When I watch a code swarm, I’m overcome by existential wonder. I don’t see files or code. I see humanity.

The swarm is a visual representation of the interconnectedness between the developers who shared those files. Their common creative pursuit linked them in ways both beautiful and fleeting. Developers zoom onto the screen, take a central role as files orbit around them. They bob nearer or farther other developers, swapping files, sometimes appearing to be like binary stars breathing each other’s life force. Then, just as unpredictably, they separate. Every now and then, a developer departs the field of vision, their work on that ecosystem done. Their files stay, building new links between the developers who remain. The footsteps of each contributor are stored in the commit history and their voices stay in the code base, echoes of the past. The code swarm is an artifact not so much of programming, but of the very human act of collaboration.

When I watch a code swarm, I am prompted to visualize my life. I picture the various stages of it and the people who would have been influential. My swarm would start with only a few actors: Mo, Poppy, me. Then my sister would join us, and there would be four of us connected by shared habitation, experience, and name. When I went to college, my icon would fly farther from the others, and new friends and professors would gather around me. Sometime in my junior year, Mr. Aniko and I gravitate to one another and here we are still, a universe of two. Thinking of my life swarm makes me realize how tenuous and circumstantial most relationships are. When someone zooms out of my frame of reference, I am left with less than files and timestamps. I’m left with imperfect memory. I’m left with sweet melancholia and an awareness of the fleeting nature of most situational friendships.

Perhaps this is why I love books. In them, relationships never end. If someone zooms off the screen, I need only go back a few pages to have them back again, exactly as they were and without any of the fuzzy imperfection of my own mental camera. There is a permanence that is heartening, a good swift kick to the devouring maw of time and entropy. There is definite order and complete crystallization; the lives in books are, in that sense, more solid than the ones you and I are living.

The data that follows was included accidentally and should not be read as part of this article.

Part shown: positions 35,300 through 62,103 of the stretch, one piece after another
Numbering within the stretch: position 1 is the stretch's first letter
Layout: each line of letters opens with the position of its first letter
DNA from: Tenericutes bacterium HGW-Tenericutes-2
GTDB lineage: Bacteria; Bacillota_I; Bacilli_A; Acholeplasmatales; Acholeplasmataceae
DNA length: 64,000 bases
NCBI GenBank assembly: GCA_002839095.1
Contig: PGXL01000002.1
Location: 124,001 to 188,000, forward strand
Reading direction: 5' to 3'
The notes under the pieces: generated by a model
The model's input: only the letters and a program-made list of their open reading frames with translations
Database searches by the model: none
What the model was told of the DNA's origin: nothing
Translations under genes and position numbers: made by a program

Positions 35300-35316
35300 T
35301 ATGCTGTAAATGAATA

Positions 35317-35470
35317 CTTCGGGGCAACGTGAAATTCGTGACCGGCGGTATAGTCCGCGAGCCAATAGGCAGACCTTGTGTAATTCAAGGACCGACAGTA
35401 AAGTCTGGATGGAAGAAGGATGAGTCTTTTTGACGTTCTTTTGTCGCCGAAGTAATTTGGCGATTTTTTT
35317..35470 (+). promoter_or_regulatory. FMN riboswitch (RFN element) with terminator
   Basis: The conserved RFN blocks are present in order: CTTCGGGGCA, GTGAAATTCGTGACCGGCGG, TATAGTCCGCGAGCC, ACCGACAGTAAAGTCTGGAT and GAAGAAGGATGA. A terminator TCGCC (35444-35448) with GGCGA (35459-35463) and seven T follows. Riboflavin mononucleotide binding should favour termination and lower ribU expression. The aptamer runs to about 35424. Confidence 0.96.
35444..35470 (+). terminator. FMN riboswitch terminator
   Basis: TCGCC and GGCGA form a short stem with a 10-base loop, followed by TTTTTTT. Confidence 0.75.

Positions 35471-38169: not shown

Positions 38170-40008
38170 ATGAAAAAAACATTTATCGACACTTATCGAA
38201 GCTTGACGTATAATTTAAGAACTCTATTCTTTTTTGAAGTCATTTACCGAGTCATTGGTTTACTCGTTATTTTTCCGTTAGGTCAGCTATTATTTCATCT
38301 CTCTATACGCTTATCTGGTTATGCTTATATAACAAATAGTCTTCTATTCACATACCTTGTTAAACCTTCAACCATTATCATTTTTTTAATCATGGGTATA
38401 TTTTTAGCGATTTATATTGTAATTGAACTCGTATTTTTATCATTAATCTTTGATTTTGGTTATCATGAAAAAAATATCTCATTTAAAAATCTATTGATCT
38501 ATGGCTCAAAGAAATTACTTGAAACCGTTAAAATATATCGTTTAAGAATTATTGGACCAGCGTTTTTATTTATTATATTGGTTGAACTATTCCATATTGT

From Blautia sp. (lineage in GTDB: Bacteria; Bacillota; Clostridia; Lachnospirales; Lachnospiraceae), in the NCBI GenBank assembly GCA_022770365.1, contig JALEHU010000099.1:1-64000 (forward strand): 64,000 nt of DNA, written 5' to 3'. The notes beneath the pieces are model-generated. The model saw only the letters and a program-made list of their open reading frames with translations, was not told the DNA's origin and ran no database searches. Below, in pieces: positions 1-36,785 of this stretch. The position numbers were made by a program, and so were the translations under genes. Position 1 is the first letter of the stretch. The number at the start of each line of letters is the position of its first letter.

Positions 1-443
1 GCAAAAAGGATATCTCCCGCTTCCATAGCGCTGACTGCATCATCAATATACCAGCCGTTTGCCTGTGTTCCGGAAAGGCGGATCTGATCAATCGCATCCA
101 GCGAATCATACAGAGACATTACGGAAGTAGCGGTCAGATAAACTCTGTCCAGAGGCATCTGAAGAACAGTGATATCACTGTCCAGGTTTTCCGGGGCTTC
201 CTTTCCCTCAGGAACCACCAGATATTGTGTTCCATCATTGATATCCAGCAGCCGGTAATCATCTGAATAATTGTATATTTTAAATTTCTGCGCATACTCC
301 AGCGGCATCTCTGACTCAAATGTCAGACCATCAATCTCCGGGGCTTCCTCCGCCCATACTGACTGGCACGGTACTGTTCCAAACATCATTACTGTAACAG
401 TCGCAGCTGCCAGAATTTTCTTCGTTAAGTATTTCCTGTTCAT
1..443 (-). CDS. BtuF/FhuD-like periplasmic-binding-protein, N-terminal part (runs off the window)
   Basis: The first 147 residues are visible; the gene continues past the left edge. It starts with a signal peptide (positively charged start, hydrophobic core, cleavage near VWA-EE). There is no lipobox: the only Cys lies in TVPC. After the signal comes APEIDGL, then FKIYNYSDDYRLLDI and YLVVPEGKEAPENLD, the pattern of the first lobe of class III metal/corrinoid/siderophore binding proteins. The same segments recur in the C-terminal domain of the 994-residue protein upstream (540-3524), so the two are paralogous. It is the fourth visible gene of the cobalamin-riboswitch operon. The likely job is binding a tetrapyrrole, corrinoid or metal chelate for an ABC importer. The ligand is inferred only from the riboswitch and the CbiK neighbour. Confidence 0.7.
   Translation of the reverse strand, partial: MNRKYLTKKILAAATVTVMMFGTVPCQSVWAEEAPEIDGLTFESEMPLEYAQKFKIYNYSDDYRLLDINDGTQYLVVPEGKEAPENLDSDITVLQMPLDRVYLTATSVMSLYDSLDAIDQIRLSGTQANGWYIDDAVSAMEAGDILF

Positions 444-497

Yet books don’t exist in vacuums. They are their own universe. They talk to each other, conversing across centuries, language divides, and cultural differences. Allusion is magic. Stolen Climates talks to Calvino’s The Agentine Ant, Jackson’s The Haunting of Hill House, and Salinger’s A Perfect Day for Bananafish. It is homage and a recognition that I do not come first and could not have built what I did without their precedent. I am honored by my timeless meeting of those authors, just as much as I am honored by the people I have met at school, work, or on this blog. We are a perfect and fleeting ecosystem.

Be thankful, but without any grasping at that which must pass away. Experience the perfection of the friendships you have now. Don’t put off that lunch with your co-workers because time is fast and soon, you’ll be just people who used to work together. Oh, you can LinkedIn and Facebook ad infinitum, but life’s not like a book. You can’t just turn back a few pages and restore the connection you had. You have this moment, this day, these people. Go to them.

This post is dedicated to Mr. Aniko, my husband of eleven years and my best friend for fourteen. I love you, Mr. Aniko! You are my perfect other.

The Adventure of a Writer Reading

vino drinker seeks good read.

Image via Wikipedia